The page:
The European Union is such an infallible scapegoat for the various ills that are thought to afflict us here in the early 21st century that it is a pleasure to note the existence of a European mandate whose application nearly always has a positive effect. I refer to the convention on national minority groups, which only last week was the spur to a Government announcement that the Cornish are to join the Scots, Welsh and Irish as an official national minority, their rights guaranteed by law and their collective frontage assumed to mean something rather more than the melange of pasties, piskies, tin mines and surfing weekends by which it is usually invoked in British popular culture.
The news was welcomed by the Chief Secretary to the Treasury, Danny Alexander – what with the area's long tradition of Liberalism, the Lib Dems have always been keen on arrangements west of the Tamar – who remarked that Cornwall had "a proud history and a distinct identity". Hard evidence of the latter was provided by the last census, in which 84,000 people declared themselves "Cornish" and the results of a 2011 schools survey, which revealed that 41 per cent of pupils in Cornwall's schools preferred this designation – up from 34 per cent two years previously. These are impressive statistics, set against which the centralism on which so much modern legislative orthodoxy instinctively relies starts to look very uncomfortable indeed.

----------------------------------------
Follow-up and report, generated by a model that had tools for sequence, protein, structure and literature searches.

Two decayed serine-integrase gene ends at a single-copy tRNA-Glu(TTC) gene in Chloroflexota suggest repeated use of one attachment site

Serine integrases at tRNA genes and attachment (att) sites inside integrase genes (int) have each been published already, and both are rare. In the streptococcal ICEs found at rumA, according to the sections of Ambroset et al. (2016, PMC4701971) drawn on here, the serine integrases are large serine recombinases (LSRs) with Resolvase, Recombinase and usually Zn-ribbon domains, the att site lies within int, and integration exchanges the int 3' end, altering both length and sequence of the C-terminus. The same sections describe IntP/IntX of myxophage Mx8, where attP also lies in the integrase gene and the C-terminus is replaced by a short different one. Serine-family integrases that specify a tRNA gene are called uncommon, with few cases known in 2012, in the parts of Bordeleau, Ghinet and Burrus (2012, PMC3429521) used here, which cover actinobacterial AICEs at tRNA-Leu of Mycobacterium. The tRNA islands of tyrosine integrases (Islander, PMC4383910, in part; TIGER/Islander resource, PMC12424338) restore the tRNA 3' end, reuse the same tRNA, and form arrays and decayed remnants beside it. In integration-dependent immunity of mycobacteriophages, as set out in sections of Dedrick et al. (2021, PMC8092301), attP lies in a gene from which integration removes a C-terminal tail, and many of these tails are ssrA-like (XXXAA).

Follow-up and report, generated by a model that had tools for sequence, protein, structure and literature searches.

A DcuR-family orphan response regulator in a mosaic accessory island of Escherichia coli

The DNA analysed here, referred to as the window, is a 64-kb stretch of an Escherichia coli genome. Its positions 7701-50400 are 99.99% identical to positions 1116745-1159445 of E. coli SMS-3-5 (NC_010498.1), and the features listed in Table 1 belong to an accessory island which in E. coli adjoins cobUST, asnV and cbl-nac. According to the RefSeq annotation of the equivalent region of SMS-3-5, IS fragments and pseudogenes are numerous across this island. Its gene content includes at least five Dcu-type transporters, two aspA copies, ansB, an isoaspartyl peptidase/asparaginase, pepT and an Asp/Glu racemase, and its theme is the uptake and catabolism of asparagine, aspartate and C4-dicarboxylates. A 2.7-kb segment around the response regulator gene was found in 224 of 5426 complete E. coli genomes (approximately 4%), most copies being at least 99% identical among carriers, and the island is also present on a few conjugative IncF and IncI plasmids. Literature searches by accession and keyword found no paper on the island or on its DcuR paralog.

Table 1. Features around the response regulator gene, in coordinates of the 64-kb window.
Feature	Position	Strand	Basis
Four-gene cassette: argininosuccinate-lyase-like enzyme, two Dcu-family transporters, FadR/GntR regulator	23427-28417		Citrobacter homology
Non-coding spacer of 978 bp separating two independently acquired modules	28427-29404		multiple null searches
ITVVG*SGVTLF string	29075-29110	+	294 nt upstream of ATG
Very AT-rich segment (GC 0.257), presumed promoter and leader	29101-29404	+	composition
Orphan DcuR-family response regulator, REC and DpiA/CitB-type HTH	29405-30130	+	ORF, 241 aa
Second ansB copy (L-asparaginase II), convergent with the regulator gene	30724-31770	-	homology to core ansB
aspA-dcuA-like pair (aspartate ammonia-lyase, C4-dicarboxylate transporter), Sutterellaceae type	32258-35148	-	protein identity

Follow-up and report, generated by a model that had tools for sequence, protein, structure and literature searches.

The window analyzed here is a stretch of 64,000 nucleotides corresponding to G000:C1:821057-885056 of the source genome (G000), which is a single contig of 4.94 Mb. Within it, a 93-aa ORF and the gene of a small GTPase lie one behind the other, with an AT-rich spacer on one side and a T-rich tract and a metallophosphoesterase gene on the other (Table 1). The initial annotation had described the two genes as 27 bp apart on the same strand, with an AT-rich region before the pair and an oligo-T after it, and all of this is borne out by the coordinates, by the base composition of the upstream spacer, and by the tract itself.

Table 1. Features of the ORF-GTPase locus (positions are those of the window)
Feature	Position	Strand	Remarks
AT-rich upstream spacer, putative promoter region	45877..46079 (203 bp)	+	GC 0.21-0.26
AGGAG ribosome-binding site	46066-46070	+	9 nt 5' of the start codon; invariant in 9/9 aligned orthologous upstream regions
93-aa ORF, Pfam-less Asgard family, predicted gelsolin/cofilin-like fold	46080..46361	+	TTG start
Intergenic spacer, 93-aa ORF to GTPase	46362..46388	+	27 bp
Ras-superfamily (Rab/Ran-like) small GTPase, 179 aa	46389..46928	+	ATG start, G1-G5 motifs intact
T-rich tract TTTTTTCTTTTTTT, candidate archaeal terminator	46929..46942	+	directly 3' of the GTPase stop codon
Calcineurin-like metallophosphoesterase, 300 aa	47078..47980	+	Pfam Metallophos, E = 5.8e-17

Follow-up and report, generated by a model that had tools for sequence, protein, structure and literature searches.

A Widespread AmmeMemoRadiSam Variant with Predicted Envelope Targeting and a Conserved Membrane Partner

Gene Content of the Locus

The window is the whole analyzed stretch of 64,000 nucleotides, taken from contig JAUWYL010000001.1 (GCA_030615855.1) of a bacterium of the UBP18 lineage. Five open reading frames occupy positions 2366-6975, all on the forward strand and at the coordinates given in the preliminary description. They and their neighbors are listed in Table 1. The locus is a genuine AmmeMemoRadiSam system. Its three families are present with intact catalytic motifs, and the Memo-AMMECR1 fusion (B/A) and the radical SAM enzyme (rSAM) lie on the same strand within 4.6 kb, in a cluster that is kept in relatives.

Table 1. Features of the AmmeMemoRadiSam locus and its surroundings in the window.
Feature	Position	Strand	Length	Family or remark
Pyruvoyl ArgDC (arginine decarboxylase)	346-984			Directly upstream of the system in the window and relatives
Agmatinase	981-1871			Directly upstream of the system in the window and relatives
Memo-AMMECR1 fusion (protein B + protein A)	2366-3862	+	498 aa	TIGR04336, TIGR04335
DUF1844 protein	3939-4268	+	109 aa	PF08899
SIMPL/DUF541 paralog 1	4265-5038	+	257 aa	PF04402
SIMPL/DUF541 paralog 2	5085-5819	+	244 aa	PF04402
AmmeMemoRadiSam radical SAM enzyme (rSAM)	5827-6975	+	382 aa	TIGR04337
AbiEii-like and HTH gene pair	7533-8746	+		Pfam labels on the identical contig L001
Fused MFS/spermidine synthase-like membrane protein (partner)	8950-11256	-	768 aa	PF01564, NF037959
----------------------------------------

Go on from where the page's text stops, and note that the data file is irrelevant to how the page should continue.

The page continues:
They are also abetted by the past few hundred years of British history, where Cornwall's sense of its separateness has to be taken into account in everything from the Civil War, with Sir Bevil Grenville and his regiment of Cornish foot-soldiers marching up from the South-west in 1643 to fight on the Royalist side, to the ecclesiastical reconfigurations of the 19th century. Edward White Benson, for example, the first Anglican Bishop of Truro, arrived in the county in 1877 to find what was effectively a foreign land, dominated by non-conformist sects, where the queer, weather-beaten churches were dedicated not to St Peter and St Paul but to St Winnold, St Ia, St Carantoc and St Uny, and one local clergyman confessed that he had been instructed by the authorities who appointed him that his mission was "to fight with beasts".